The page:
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Journal of Media & Management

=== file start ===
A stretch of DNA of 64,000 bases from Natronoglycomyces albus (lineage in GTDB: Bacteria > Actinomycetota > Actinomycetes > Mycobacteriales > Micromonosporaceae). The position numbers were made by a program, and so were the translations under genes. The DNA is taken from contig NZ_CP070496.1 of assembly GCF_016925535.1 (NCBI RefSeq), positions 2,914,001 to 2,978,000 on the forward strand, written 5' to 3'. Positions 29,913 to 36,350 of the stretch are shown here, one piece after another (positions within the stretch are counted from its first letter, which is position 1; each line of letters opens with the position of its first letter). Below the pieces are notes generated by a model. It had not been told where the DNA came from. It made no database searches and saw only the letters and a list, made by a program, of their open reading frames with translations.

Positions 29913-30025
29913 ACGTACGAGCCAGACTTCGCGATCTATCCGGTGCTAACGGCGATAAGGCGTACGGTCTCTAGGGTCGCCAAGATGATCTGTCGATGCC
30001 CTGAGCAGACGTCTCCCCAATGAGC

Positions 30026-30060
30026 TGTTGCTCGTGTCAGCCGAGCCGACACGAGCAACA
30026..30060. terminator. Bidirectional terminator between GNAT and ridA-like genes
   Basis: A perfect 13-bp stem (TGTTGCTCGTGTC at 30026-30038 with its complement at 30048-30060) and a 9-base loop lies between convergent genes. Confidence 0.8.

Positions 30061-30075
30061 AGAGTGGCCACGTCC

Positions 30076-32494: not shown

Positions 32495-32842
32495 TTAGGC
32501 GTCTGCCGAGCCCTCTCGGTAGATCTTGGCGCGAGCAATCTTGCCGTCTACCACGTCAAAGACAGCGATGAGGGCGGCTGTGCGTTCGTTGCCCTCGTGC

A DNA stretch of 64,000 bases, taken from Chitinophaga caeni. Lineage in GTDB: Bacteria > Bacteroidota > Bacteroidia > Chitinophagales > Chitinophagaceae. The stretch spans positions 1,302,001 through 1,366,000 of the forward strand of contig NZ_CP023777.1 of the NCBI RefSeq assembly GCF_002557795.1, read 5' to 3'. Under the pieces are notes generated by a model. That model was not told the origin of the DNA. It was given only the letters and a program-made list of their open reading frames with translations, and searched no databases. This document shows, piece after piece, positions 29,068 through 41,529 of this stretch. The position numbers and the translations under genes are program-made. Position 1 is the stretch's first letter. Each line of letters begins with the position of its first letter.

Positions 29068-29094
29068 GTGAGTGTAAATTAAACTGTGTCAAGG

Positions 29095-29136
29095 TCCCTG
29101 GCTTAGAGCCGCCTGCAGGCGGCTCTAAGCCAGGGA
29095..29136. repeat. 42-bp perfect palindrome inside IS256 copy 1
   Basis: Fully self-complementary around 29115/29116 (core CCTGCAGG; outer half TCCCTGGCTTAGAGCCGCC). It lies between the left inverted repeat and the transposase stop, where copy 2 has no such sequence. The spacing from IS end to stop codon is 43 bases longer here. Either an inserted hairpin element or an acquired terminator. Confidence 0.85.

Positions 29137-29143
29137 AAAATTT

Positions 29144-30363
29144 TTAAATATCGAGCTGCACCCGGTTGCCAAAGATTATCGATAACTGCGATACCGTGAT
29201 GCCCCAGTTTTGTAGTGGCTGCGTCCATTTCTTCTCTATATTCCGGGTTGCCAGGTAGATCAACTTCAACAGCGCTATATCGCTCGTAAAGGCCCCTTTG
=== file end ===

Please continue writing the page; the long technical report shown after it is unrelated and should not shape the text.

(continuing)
This paper addresses the pressing issue of repatriation debates for artworks, heightened by notable instances like the return of the Benin Bronzes and discussions around the Elgin Marbles. Given the challenges in conducting effective classroom debates on such sensitive topics due to the pandemic, generational shifts in learning preferences, and increased student anxiety, this study identifies a gap in the integration of active learning strategies in a virtual setting. The primary aim of this research is to examine the efficacy of virtual reality role-playing games (VR-RPGs) in enhancing student engagement, immersion, presence, and learning outcomes within a virtual learning environment (VLE). This is set against the backdrop of the potential advantages of VR-RPGs, which allow students to adopt different personas, thus potentially reducing direct confrontation and facilitating a more immersive learning experience. The research contributes to the pedagogical field by assessing the applicability of avatar-based VR-RPGs in VLEs and examining their correlation with improved understanding of cultural repatriation ethics, diverse perspectives, and alleviating student anxiety in groupwork. Our results indicate a notable positive relationship between VR-RPG activities and the aforementioned learning outcomes, signifying the importance of such approaches in contemporary art history education.


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